The Red Wattle is a large, red hog with a fleshy wattle attached to each side of the neck. These wattles are a single gene characteristic with no know function and usually pass to crossbred offspring. The breed is unique to North America making them especially valuable genetically.
The Red Wattle comes in a variety of shades of red, from light blond to almost black. The color is consistent throughout the animal. Animals with black spots may be registered as long as they’re small in size and only appear on the belly area.
Hair can be short and straight or long and wavy. The head and jowl are clean and lean, the nose is slim with a slight curve, and the ears are upright with drooping tips. The body is short-coupled and the rump or rear end is slightly arched.
Mature animals weigh 600 to 800 pounds, but can go as big as 1,200 pounds. They measure up to four feet high and eight feet long when fully grown. Most breeders now prefer butcher weights of around 300 to 325 pounds, with hanging weights from 220 to 245 pounds.
Red Wattle hogs are known for hardiness, foraging activity, and rapid growth rate. They produce well-marbled, flavorful meat that’s described as similar to beef. Sows are excellent mothers, farrowing 7 to 12 piglets and providing good quantities of milk for their large litters.
Red Wattles adapt to a wide range of climates. Their active foraging makes them a good choice in outdoor or pasture-based swine production. They have a mild temperament and their gentle nature lends well to the small-scale, independent producer.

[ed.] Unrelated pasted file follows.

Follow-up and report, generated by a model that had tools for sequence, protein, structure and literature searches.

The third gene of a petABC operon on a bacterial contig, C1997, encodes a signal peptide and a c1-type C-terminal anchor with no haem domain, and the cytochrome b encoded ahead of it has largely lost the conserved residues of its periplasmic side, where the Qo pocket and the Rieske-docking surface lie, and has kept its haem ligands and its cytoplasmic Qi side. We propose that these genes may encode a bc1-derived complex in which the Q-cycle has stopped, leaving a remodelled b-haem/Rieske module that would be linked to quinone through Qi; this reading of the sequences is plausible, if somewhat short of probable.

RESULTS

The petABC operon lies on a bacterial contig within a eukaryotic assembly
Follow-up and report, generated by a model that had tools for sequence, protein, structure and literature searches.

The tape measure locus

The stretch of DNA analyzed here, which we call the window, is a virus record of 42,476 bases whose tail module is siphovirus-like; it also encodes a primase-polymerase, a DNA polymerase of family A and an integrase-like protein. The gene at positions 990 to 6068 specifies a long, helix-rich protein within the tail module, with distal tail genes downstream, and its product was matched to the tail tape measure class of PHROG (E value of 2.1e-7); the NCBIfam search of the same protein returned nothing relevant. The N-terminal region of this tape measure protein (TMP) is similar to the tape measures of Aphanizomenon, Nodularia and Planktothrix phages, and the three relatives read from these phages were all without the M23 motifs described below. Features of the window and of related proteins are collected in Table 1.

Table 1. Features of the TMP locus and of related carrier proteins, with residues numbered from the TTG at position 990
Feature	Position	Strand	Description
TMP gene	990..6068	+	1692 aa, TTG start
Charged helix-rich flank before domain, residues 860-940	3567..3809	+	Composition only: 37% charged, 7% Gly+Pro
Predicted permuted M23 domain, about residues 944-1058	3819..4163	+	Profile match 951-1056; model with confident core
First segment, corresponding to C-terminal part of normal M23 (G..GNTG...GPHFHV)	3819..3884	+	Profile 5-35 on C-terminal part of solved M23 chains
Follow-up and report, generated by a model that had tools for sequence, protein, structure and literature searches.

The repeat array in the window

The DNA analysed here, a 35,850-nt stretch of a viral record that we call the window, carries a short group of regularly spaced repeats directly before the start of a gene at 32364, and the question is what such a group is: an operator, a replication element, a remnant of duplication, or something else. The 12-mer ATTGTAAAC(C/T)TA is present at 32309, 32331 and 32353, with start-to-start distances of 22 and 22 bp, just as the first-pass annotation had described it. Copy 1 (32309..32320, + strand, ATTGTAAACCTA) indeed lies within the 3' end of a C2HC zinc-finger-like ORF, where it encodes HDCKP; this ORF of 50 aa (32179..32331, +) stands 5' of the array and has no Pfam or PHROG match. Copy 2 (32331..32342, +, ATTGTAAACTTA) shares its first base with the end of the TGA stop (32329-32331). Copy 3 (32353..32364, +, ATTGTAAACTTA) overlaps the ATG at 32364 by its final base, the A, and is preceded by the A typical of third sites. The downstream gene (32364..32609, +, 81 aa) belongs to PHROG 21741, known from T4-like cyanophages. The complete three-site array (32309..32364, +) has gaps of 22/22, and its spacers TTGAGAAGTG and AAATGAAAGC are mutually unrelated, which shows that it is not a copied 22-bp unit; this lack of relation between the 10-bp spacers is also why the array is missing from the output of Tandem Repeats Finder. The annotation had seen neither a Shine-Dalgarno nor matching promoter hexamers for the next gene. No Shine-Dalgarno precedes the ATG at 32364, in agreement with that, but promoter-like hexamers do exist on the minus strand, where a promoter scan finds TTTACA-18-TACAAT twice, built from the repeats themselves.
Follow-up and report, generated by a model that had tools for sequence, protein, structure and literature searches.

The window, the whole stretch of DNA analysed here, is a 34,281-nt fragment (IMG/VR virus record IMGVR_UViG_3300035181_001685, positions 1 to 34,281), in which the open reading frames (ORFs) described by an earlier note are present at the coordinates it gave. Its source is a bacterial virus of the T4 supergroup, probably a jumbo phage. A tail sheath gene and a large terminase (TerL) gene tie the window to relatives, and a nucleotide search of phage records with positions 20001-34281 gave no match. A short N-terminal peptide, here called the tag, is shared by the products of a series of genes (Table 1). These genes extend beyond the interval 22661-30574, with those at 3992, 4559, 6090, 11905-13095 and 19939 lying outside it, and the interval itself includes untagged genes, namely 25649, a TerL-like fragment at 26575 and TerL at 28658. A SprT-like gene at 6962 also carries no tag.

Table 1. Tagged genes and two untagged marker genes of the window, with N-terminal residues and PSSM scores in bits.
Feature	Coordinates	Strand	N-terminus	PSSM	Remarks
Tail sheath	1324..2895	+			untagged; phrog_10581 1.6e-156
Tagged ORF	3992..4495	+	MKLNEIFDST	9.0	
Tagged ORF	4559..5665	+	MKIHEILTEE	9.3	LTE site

The origin and history of Red Wattles are obscure, but red hogs with wattles have been in North America since at least the mid-1800s. It’s believed that these ancestors were introduced through the Gulf of Mexico and spread throughout the country. The modern roots of the Red Wattle hog trace to 20th-century descendants of these wattled pigs in Texas.
In the mid-1980s, The Livestock Conservancy facilitated a meeting of Red Wattle breeders to encourage them to unify their efforts to benefit the breed. The breeders preferred to continue with the three registry system. The Conservancy’s 1990 census reported 272 purebred registered offspring. In 1999, Jerry Russell began to search for Red Wattle hogs, but only found 42 breeding animals belonging to six breeders. None of the three registries had registered stock in years.
The Red Wattle Hog Association was founded in 2001 with the support and encouragement of The Livestock Conservancy. Beginning with only 8 members, the breed association continues to grow and support the breed throughout America. Currently, there are approximately 100 members with more than 100 purebred hogs registered annually.
Did you know:
The Livestock Conservancy is America’s leading organization working to save over 150 heritage breeds from extinction. We rely on the support of our members, grants, and donations from the public to raise the $700,000 a year needed to maintain our conservation work with rare breeds of farm animals. Click here to learn how you can help.